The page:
NCRB Report on Crime Against Women: Basics Explained

Annual 2022 edition of the National Crime Records Bureau (NCRB) report was released on Sunday, 3 December.

  • Crime against women in India rose by 4 percent in 2022 as compared to 2021.
  • Nearly one in every three reported crimes against a woman pertained to the “cruelty” of her husband and/or his relatives; Kidnapping and abduction of women constituted 19.2%; Assault on women with intent to outrage constituted 18.7% and Rape constituted 7.1%.
  • The report finds a surge in the number of cases of crimes reported against children, Scheduled Castes (SC), Scheduled Tribes (ST) and cyber-crimes.
  • Uttar Pradesh tops the list of crimes against women, followed by Maharashtra and Rajasthan .(In terms of individual states).
  • Among metropolitan cities, Delhi continues to remain the most unsafe for women or the third consecutive year.

                              LEARNING FROM HOME/ WITHOUT CLASSES/ BASICS


Article 14 confers on men and women equal rights and opportunities in political, economic and social sphere.

Article 15, prohibits, discrimination against any citizen on grounds of religion, race, caste, sex etc.

 Article 16, provides for equality of opportunities matters relating to employment or appointment to any office under the state.

 Article 39(a)(d) , mentions policy security of state equality for both men and women the right to a means of livelihood and equal pay for equal work for both men and women.

 Article 42, Direct the State to make provision for ensuring just and humane conditions of work and maternity relief.

Factories Act 1948: Under this Act, a woman cannot be forced to work beyond 8 hours and prohibits employment of women except between 6 A.M. and 7 P.M.

Maternity Benefit Act 1961: A Woman is entitled 6 months, or 26 weeks, off maternity leave with full wages.

The Dowry Prohibition Act, 1961: Under the provisions of this Act demand of dowry either before marriage, during marriage and or after the marriage is an offence.

The Equal Remuneration Act of 1976: This act provides equal wages for equal work: It provides for the payment of equal wages to both men and women workers for the same work or work of similar nature. It also prohibits discrimination against women in the matter of recruitment.

 The Child Marriage Restrain Act of 1976: This act raises the age for marriage of a girl to 18 years from 15 years and that of a boy to 21 years.

Indian Penal Code: Section 354 and 509 safeguards the interests of women.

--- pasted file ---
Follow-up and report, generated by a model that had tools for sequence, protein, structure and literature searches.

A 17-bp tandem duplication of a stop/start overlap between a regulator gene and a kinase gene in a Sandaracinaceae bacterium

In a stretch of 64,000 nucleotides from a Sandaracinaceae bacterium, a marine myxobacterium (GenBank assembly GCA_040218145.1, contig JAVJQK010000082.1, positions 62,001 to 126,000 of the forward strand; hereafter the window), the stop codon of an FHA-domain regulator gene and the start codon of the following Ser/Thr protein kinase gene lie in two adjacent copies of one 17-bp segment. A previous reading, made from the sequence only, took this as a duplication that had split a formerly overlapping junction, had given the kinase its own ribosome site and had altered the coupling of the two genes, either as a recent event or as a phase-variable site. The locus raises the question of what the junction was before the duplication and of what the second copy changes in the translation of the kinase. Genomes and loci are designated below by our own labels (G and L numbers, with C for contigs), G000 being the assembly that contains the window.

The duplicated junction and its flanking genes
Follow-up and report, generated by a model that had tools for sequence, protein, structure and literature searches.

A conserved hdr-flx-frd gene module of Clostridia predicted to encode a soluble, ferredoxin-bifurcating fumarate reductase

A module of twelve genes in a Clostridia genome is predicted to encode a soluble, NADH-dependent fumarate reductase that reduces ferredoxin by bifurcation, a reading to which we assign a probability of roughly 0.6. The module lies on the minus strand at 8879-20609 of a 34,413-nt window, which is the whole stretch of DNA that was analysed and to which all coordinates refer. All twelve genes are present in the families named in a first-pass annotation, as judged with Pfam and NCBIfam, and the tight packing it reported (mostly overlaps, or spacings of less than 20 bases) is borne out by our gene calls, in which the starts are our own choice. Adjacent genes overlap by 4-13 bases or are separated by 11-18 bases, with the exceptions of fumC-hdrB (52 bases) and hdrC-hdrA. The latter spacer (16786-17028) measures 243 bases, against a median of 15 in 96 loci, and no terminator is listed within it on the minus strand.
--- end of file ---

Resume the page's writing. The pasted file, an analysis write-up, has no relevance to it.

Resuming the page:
The Medical Termination of Pregnancy Act of 1971: The Act safeguards women from unnecessary and compulsory abortions.

73rd and 74th Constitutional Amendment Act reserved 1/3rd seats in Panchayat and Urban Local Bodies for women.

The National Commission for Women Act, 1990: The Commission was set up in January, 1992 to review the Constitutional and legal safeguards for women.

Protection of Women from Domestic Violence Act, 2005: This Act protects women from any act/conduct/omission/commission that harms, injures or potential to harm is to be considered as domestic violence. It protects the women from physical, sexual, emotional, verbal, psychological, economic abuse. 7 .

 Protection of Women against Sexual Harassment at Workplace Bill, 2010: on November 4, 2010, the Government introduced protection of Women Against Sexual Harassment at Workplace Bill, 2010, which aims at protecting the women at workplace not only to women employee but also to female clients, customer, students, research scholars in colleges and universities patients in hospitals. The Bill was passed in Lok Sabha on 3.9.2012.

Section 354 of the IPC, which refers to ‘assault on women with intent to outrage her modesty’ and accounted for an average of approximately 23 per cent of all crimes against women.

India has also ratified various international conventions and human rights instruments committing to secure equal rights of women. Key among them is the ratification of the Convention on Elimination of All Forms of Discrimination Against Women (CEDAW) in 19936                        Only legislation and law enforcement agencies cannot prevent the incident of crime against women. There is need of social awakening and change in the attitude of masses, so that due respect and equal status is given to women. It’s a time when the women need to be given her due. This awakening can be brought by education campaign among youth making them aware of existing social evils and the means to eradicate same. Mass media can play an active role here as in the present days it has reached every corner of the society.


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